Taking In the Wider Local Design World

While I am in Chicago, I took the opportunity to connect with the wider local design world.

First, with Katherine’s help, I met with Iker Gil, a public interest architect and product designer. Iker showed me his studio and samples from his portfolio. Most intriguingly, Iker noted how he doesn’t subscribe to the “public interest design” at all. He says that all designers should see their work as a part of building life, and therefore he doesn’t see the need to securely define himself as such. I couldn’t’ agree more, which is why I see so much overlap with architecture and design and urban planning. I also asked Iker what advise he would have for someone such as I whom is transitioning into the design profession. He said that being open to new ideas is essential to design thinking, because where others see limits, a designer sees possibilities. It’s that very outside-of-the-box and even beyond-the-box approach to problem solving that attracted me to the field in the first place.

On the weekend, I went to the latter portion of the Youth-Police Conference at the University of Chicago. The conference was aimed at raising the challenges between Chicago youth and CPD, and what resolutions could come from cross sector discussions. There, I was able to meet Miriame Kaba, a violence prevention activist and founder and director of Project NIA. I had used Kaba’s curriculum for own youth violence prevention program I co-founded in Boston. Although they may not initially appear connected, Miriame’s work is as important to urban development as is urban design. Her focus on community trauma and healing creates a space for design thinking in social interventions. For example, at the conference she discussed the prospects of that just having youth play a role on the many speaker panels, but also to have them have seats on boards and commissions — the very groups that are formed to address youth and community issues but rarely have youth and community members at the table. It’s that very outside of the box practice that helps us to resolve ongoing urban problems.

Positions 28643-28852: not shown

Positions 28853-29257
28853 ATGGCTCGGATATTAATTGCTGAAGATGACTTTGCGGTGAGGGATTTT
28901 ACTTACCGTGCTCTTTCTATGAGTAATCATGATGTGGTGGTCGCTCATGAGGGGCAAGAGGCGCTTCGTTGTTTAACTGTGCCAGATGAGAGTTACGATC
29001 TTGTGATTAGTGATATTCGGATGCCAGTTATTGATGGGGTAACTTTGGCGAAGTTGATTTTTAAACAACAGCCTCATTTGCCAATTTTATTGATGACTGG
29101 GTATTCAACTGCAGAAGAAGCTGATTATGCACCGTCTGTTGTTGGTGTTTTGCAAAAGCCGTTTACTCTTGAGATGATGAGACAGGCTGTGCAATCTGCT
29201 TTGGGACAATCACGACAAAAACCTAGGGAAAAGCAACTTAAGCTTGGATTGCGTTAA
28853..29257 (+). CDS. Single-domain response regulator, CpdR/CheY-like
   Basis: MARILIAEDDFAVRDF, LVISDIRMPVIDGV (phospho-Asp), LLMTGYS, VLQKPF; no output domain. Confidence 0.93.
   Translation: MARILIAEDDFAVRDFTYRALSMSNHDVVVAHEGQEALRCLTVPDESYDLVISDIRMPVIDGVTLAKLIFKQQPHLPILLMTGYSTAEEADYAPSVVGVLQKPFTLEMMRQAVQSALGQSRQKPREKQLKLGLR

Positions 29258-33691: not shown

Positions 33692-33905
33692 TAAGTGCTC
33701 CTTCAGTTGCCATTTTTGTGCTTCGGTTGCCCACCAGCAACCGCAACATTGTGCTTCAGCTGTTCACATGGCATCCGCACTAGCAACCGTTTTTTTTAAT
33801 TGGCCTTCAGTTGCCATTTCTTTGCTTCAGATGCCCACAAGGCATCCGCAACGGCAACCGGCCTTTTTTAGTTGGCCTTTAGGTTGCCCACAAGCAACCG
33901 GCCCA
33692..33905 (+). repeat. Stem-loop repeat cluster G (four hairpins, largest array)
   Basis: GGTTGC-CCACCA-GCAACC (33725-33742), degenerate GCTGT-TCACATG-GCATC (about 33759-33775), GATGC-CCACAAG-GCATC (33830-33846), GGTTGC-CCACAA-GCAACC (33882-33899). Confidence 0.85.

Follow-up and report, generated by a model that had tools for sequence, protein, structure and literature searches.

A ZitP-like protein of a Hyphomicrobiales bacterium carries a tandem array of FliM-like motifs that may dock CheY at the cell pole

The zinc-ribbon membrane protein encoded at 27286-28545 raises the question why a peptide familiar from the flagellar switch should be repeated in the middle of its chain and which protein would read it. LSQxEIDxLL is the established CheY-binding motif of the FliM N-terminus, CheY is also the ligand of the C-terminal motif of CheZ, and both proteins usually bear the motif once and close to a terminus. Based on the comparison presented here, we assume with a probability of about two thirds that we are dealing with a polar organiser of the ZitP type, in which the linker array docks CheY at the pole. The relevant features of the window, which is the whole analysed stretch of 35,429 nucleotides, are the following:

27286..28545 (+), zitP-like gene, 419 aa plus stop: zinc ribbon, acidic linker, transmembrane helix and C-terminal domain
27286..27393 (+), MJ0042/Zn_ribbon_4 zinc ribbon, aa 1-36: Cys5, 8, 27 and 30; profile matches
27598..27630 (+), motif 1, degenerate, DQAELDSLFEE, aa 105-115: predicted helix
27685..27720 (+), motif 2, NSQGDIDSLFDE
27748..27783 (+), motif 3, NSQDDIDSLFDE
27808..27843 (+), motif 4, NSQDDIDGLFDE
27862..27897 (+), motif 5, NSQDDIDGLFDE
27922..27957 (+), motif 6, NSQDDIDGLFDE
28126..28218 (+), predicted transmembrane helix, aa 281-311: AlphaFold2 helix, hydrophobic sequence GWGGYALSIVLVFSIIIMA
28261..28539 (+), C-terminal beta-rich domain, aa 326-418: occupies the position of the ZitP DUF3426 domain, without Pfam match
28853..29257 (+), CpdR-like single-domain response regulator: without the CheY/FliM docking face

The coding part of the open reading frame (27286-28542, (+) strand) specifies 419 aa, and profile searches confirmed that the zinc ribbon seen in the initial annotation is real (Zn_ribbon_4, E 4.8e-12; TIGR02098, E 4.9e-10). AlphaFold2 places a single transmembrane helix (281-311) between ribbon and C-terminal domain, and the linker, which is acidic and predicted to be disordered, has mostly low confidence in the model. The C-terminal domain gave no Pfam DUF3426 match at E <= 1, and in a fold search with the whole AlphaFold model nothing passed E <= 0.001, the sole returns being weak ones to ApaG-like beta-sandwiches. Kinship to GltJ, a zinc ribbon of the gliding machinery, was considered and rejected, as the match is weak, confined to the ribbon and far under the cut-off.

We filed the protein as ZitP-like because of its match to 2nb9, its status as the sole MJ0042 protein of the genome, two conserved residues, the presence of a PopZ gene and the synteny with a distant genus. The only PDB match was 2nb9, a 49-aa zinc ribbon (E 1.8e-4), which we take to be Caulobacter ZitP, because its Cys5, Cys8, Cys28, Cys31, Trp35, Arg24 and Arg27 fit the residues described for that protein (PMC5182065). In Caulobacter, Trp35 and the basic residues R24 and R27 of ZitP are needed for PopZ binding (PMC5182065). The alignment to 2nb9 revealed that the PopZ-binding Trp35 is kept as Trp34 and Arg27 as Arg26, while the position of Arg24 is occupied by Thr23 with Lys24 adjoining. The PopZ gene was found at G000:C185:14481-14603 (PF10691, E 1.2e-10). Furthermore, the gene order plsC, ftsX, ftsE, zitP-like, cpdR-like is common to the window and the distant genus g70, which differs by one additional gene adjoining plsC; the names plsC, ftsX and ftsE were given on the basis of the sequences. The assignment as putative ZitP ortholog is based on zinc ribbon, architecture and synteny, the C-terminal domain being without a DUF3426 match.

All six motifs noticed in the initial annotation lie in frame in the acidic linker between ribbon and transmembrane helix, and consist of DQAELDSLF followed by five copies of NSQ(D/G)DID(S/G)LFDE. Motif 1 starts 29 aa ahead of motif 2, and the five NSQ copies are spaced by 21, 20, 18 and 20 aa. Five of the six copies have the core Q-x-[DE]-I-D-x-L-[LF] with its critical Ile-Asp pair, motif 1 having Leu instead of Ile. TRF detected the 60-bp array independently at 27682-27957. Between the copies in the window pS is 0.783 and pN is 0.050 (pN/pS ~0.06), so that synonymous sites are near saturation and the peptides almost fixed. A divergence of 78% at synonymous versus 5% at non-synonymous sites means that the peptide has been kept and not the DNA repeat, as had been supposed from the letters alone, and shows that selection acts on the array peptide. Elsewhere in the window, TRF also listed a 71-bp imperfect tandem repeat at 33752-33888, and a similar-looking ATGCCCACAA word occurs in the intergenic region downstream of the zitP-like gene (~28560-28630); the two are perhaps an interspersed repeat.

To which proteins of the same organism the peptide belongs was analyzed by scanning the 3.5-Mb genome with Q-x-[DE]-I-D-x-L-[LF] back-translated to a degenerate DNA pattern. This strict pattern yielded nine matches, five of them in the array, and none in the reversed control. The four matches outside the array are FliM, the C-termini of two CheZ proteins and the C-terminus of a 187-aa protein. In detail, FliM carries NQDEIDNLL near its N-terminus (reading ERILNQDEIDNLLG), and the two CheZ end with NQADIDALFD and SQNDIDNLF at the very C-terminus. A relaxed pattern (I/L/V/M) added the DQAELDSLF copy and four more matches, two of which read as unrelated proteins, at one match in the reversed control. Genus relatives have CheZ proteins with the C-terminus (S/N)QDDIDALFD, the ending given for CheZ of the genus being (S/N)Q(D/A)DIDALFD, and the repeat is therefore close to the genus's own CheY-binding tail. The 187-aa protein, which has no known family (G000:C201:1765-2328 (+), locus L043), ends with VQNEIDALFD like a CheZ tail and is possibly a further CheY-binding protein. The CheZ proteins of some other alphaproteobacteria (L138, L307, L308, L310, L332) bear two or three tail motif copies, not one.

Lastly, I visited the Chicago Architecture Foundation museum. It was so much learning about the evolution of the city, examining the model replica of the city and flipping through Big Data tools using the touch screen technology. Yet what had me most excited is the Design Studio and the featured Lego workshop where children and parents together designed their own model cities. At some point in the near future, I would like to launch an organization dedicated to educating youth and citizens about urban design, urban planning and how they can get involved in their own communities’ social change.

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